Isla Fisher | Hollywood actor Isla Fisher has played many roles over the years, from a bonkers bridesmaid in Wedding Crashers to the poster girl for consumerism in Confessions of a Shopaholic. But her favourite role has been being a mum and making up stories at bedtime for her three kids every night since they were born. Now all can share these funny, anarchic and charming tales of Marge, a very unusual babysitter. Join Isla to hear all about the latest book in her series, Marge and the Great Train Rescue. Continue reading
Little white lies | Renowned for her thought-provoking novels set in 19th century America, including her latest Passing for White, the Carnegie Medal-winning Tanya Landman takes to the stage with American stand-up comedian Reginald D Hunter and chair Daniel Hahn for a conversation about the long shadow slavery still casts over the USA. Why is it so hard for people to talk about race, and what are the implications for writers and comedians who try to tackle the subject? Continue reading
Unwelcome welcome | It’s tough to be an immigrant, even in a multicultural melting pot. In The Good Immigrant, Bristol-based novelist and diversity activist Nikesh Shukla brings together 21 writers to explore why immigrants come to the UK, why they stay and what it means to be mixed race. He was joined by fellow contributors Coco Khan and Miss L, and chair Daniel Hahn, to ask how do you fit into the world if you feel unwelcome in the place you call home?
“We are constantly having to justify our place at the table.”
“I thought it would sell 1,000 copies… after two years,” laughs Nikesh, on the success of The Good Immigrant, whose supporters include Malorie Blackman, Zadie Smith and JK Rowling, to skim a huge and growing list. Continue reading
Wells of loneliness | Indian poet, novelist, activist and author of The Gypsy Goddess Meena Kandasamy has won many plaudits for her writing. She’s joined the book festival with When I Hit You, a provocative examination of an abusive marriage. Joining her is Saltire First Book Award-winner Helen McClory, whose Flesh of the Peach describes an artist’s American road trip after her mother’s death. Explore the wilder shores of love and loss with these two rising stars of fiction, alongside chair Lee Randall.
“It’s constant victim-blaming.”
Both Meena and Helen’s books deal with women who don’t conform; they transform trouble to art. “I wanted to claim the story about being a victim of violence,” explains Meena. “It’s a widespread phenomenon in India.” Continue reading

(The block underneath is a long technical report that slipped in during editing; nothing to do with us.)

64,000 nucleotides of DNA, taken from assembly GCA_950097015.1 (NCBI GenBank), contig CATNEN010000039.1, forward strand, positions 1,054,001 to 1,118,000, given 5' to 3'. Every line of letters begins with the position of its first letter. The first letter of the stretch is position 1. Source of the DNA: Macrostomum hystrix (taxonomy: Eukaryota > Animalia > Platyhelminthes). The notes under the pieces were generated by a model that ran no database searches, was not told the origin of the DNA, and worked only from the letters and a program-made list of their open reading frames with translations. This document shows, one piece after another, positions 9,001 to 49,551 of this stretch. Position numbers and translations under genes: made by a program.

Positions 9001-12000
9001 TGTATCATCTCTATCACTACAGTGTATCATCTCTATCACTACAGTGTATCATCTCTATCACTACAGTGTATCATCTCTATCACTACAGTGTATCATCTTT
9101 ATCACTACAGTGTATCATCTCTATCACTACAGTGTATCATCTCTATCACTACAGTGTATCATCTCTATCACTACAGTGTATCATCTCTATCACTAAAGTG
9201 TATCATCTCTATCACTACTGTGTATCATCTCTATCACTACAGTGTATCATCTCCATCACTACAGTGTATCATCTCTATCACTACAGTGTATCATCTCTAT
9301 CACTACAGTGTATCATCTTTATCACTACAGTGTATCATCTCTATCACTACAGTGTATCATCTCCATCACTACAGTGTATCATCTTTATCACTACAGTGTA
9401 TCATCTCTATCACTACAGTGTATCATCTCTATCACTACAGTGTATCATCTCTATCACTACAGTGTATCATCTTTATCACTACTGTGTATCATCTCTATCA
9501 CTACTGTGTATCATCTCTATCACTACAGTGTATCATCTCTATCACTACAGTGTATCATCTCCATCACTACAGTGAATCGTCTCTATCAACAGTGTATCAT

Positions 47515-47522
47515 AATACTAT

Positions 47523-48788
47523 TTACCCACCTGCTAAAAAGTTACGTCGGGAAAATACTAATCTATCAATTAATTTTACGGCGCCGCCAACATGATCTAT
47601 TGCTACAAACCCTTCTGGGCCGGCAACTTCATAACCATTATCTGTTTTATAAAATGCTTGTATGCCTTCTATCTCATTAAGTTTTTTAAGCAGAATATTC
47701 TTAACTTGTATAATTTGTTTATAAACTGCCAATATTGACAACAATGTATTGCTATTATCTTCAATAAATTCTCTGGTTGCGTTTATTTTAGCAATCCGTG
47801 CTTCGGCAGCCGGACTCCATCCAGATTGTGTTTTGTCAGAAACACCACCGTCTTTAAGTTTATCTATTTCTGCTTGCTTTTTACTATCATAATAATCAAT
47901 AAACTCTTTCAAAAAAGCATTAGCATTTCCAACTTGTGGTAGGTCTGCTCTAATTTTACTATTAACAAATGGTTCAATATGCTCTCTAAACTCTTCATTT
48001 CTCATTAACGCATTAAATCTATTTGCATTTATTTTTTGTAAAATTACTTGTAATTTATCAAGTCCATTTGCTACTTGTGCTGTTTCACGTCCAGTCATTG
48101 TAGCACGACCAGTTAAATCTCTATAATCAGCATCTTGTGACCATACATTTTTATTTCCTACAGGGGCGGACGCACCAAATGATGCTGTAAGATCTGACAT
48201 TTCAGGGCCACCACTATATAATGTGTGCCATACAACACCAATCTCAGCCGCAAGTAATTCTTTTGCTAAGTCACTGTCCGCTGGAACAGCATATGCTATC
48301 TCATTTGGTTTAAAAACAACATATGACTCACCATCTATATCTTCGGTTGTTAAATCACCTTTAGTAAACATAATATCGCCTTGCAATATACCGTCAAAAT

Holding court | An accomplished tennis player herself, Judy Murray has not only raised two top-class players of the modern men’s game (Andy and Jamie) but is doing everything in her power to lend a hand to girls who have ambitions in the sport. All this success hasn’t come easily, it’s been set against a backdrop of struggle and loss and today Murray talks about the highs and lows of her incredible journey laid out in her book, Knowing the Score.
“Let kids be kids, let them play a game.”
In Rush Wishart’s introduction, she notes that Judy’s mantra has always been “If you can see it, you can be it.” Judy is a woman full of ambition who has set goals, firmly kept them in her sights even when the odds were against her, and worked hard to get there. Across an hour of charm and fun, she takes an audience through exactly how she managed it. Continue reading
Heavenly voices | Miriam Nash grew up on the Isle of Erraid (made famous by the lighthouse Stevensons) and voices of the island echo through All the Prayers in the House. Fans of popular poet and performer Rachel McCrum (formerly one half of spoken word duo Rally & Broad) will relish her bitingly satirical The First Blast to Awaken Women Degenerate. At the Edinburgh International Book Festival, we meet two debut poets, chaired by Kirsty Logan.
“I found [Gigi Hadid’s left elbow] so defiant and effective.”
Rachel McCrum begins the evening by reading a selection of her poems including Broad and Problems to Sharpen the Young, #1. Continue reading
Seeing is believing | Teju Cole is an artist who works with his eyes open and his shoes on. His writing is legendary; his photography about to become just as important. The America-born Nigerian author of the multi award-winning novel Open City makes a welcome return to the Book Festival with Blind Spot, a brilliant new work about reading and writing, seeing and snapping. He talks to Elizabeth Reeder.
“Some other energy, some other charge happens.”
Teju begins the event by presenting a snapshot of Blind Spot: seven photos that travel various parts of the globe with his accompanying text, plucked from the book in front of him. Continue reading